"I have learned to tell a story, without telling a lie."
Author/biographer Michael Holroyd, in an interview with Eleanor Wachtel for Writers and Company
Saturday, January 21, 2012
It must be winter (and raining) if I’m reading memoir. Last year’s great January escape was Keith Richard’s Life and, for a revelry of perfect contrast, the Duchess of Devonshire’s Wait for Me! This year, I spent the dwindling of 2011 reading Debo’s newest book -- All in One Basket, the compilation of two earlier collections of her essays, written over half a century.
Though she can make a gardening book sound enticing to a brown thumb, the Duchess proclaims herself to be not much of a reader. One of her fondest anecdotes of her father is his “review” of Jack London’s White Fang. He read it through and declared himself done with books. So perfect was Fang, in his estimation, that any other book would most certainly fall short.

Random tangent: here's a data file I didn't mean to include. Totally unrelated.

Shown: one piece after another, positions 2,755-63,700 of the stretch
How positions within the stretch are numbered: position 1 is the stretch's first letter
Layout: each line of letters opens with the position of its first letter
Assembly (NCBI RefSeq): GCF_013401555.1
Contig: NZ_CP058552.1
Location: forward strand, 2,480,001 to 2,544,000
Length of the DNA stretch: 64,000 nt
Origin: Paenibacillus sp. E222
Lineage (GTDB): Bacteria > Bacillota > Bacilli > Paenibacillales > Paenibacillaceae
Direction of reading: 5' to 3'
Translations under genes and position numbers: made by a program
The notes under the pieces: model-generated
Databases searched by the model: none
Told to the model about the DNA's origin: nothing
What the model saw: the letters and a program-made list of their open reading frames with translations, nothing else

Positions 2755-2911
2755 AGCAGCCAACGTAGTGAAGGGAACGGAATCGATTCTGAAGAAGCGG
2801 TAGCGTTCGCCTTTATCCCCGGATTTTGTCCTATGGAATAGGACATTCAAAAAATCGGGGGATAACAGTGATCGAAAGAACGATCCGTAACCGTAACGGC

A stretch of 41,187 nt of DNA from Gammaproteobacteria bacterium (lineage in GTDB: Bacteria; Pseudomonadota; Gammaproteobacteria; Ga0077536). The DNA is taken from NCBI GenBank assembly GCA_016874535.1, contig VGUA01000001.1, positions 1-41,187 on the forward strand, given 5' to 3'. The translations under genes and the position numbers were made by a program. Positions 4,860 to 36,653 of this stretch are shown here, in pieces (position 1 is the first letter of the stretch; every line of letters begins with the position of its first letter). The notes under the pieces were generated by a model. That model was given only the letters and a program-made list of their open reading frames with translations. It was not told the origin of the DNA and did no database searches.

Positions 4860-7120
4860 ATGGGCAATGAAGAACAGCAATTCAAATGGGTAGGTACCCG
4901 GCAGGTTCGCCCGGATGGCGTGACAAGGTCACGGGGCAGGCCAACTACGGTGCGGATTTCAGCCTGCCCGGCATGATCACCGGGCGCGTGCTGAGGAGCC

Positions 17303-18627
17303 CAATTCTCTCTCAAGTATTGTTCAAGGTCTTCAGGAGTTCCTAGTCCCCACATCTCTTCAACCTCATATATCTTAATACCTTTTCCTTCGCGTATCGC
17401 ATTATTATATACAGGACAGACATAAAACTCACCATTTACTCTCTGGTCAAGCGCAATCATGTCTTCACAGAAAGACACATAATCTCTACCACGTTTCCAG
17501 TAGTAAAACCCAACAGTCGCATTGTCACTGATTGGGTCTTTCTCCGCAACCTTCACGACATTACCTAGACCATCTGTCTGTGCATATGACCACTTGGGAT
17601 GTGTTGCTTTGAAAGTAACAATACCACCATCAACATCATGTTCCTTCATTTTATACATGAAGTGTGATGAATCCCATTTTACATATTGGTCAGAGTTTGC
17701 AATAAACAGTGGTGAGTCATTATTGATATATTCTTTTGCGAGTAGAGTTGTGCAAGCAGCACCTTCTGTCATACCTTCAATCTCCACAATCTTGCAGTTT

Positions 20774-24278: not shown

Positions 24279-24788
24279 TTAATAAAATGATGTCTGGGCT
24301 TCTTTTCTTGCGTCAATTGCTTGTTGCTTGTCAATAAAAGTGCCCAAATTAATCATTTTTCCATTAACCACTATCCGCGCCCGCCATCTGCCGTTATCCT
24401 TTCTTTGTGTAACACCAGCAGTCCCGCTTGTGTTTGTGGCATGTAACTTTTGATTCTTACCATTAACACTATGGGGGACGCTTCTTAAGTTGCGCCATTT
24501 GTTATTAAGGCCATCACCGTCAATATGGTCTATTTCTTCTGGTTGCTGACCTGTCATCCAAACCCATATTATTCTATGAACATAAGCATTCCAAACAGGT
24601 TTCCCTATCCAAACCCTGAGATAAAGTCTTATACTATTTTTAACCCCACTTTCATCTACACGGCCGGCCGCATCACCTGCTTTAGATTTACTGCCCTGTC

The Duchess herself famously struggled in a column (revived for readers as part of All in One Basket) to come up with 10 books of recommended reading on Trans Siberian railway adventure. Were her father still of this earth, no doubt he would gladly break his vow to read any of his daughters’ writings—though All in One Basket is so good it would likely stop him once again from any lasting reformation of a future in reading.
And now, before the season of memoir is through, I will finish The Penguin Book of Memoir, edited by Camilla Gibb. “There are places on the planet we belong, and they are not necessarily where we are born,” writes Isabel Huggan in the excerpt from “Belonging” that joins a collection of acclaimed Canadian writers including Sharon Butala, Wayson Choy and Wayne Johnston. Carefully chosen to reflect a range of experiences--from what it’s like growing up the godson of Leonard Cohen to raising a son with an extreme developmental disability--these are often preludes and interludes extracted from greater chronicles—each promising more of a good thing.